Whether or not you understand the recent drive to fill the world around you with obnoxious animated characters that you can only see as long as you hold your phone up in front of your face at all times, augmented reality does have the potential to enhance our world in ways that are occasionally useful. However, the AR experience is currently a sterile one, with augmentations overlaid on top of, but not really a part of, the underlying reality.
Abe Davis is a graduate student at MIT who we've written about before in the context of using a candy wrapper and a camera as a microphone. You should absolutely click here for a more intimate introduction to Abe Davis, but if you're not a fan of incredibly nerdy rap music, we'll just move on to Abe's thesis dissertation, which describes interactive dynamic video (IDV). Rather than using 3D graphics to model the motion characteristics of objects, IDV extracts motion information from a small amount of 2D video, and then generates simulations of objects in that video, allowing the augmented part of AR to interact directly with the reality part, turning static objects into objects that you (or your virtual characters) can play with.
To understand how this works, imagine a simple moving object, like bedsheet hanging on a clothesline in a gentle breeze. As the wind blows, the sheet will ripple, and those ripples will consist of a horizontal component (movement across the sheet) as well as a vertical component (movement up or down the sheet). Once you've figured out these motion components, called resonant or vibration modes, you can simulate them individually or combine them together in ways that can mimic a breeze blowing in a different direction or at a different strength. The fundamental knowledge that you gain about how the real sheet moves on a very basic level allows you (and a real-time video editor) to make the sheet in the video move in a realistic way as well, without being constrained by reality itself.
This method can be applied to much more complicated objects than bedsheets, although it gets trickier to pick out all of the vibration modes. For it to work properly, you need a stable, baseline video of the scene, you need to move the object that you're interested in simulating, and you need to watch it move for long enough that you can accurately extract the vibration modes that you care about, which may take a minute or two. Unfortunately, this means that using it for Pokemon GO is probably not realistic unless you have a lot more patience and restraint than the typical Pokemon GO player seems to have, because you can't just wander around and point your phone at physical objects that can be instantly animated (yet):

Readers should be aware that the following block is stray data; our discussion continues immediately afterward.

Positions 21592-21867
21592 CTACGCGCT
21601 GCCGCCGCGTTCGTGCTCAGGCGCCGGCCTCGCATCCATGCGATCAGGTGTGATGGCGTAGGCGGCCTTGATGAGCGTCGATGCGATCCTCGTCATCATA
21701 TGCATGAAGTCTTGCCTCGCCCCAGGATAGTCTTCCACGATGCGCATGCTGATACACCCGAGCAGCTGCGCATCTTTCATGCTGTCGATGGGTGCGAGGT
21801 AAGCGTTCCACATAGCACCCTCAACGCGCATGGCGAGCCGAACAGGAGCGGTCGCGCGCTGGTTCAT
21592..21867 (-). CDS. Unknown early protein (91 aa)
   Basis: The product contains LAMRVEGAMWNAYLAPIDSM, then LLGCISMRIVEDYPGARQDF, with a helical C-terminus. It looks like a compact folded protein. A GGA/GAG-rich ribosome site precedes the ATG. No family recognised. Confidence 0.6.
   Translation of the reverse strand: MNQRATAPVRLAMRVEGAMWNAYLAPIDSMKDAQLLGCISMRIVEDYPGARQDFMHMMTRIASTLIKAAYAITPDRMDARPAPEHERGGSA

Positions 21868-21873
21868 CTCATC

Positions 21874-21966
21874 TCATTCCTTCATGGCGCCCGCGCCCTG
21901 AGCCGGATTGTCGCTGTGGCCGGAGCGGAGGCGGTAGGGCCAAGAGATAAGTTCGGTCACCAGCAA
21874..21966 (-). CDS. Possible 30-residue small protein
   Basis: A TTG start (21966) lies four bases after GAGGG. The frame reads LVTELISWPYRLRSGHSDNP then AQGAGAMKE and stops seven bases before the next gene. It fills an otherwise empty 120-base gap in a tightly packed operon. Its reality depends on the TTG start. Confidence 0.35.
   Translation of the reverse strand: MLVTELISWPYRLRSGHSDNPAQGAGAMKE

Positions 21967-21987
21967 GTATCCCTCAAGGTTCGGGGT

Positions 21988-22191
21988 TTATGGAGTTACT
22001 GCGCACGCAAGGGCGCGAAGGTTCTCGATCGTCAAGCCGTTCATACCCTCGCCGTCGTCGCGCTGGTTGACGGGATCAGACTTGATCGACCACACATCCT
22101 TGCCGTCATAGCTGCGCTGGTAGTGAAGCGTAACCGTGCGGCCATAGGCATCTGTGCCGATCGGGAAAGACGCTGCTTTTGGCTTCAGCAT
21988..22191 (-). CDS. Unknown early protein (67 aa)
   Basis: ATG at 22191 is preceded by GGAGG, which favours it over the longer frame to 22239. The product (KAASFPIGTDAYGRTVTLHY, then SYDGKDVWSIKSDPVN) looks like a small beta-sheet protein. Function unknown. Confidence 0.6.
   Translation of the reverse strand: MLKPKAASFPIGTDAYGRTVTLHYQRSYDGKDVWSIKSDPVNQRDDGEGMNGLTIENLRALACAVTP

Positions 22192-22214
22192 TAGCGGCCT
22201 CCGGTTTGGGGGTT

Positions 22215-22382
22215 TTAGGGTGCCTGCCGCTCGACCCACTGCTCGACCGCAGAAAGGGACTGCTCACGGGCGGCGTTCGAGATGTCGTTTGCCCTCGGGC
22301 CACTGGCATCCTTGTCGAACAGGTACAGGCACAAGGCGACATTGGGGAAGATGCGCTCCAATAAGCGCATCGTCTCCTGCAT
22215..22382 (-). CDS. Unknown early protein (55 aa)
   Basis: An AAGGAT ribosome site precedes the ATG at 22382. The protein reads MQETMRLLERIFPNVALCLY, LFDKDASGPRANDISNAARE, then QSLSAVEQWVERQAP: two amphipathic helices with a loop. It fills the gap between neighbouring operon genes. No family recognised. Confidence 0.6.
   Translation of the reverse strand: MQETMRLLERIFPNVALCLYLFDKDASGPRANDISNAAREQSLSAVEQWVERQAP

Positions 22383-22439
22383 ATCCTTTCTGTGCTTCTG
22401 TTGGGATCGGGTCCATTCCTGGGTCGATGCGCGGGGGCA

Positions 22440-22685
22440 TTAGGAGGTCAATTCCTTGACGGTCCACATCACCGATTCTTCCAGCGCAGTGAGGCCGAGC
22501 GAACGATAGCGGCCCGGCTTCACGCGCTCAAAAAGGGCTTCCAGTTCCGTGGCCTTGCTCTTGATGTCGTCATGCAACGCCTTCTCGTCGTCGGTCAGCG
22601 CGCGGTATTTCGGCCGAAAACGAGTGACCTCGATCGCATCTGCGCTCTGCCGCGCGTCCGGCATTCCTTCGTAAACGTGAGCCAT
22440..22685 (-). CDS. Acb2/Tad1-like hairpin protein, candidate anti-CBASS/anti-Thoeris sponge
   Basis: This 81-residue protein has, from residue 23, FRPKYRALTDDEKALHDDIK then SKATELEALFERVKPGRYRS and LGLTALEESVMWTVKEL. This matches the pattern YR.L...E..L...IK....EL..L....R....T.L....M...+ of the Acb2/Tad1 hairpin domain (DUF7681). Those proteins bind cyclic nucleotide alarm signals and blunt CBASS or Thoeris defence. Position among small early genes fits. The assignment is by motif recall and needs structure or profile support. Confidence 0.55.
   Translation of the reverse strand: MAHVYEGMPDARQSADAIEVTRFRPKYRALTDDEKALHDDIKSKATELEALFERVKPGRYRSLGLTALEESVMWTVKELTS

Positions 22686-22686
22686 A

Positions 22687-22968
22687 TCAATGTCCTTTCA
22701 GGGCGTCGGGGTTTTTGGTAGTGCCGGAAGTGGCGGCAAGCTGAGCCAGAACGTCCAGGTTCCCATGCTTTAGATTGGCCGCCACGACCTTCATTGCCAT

As curmudgeonly as we are about whatever silly games kids (and some adults) are playing these days, the underlying technology here is very cool, and there's potential for many different applications. Generally, modeling a real world object for any purpose, from civil engineering analysis to making animated movies, requires first making a detailed 3D model of that object and applying a physics engine to get it to move. With interactive dynamic video, you can skip the complicated and time-consuming 3D modeling step to create a virtual model with reality-based physics. Such a model may not offer the same movement space as a full 3D model, but that's a reasonable trade-off for only having to spend a minute or two with video camera and a tripod to create it.
While Davis has no immediate plans to commercialize any of this (he's heading to Stanford for his postdoc in the fall), MIT has a patent on the technique, and it's not difficult for Davis to speculate about where we might see IDV in the near future.
“[W]hen you look at VR companies like Oculus, they are often simulating virtual objects in real spaces," he says. "This sort of work turns that on its head, allowing us to see how far we can go in terms of capturing and manipulating real objects in virtual space.”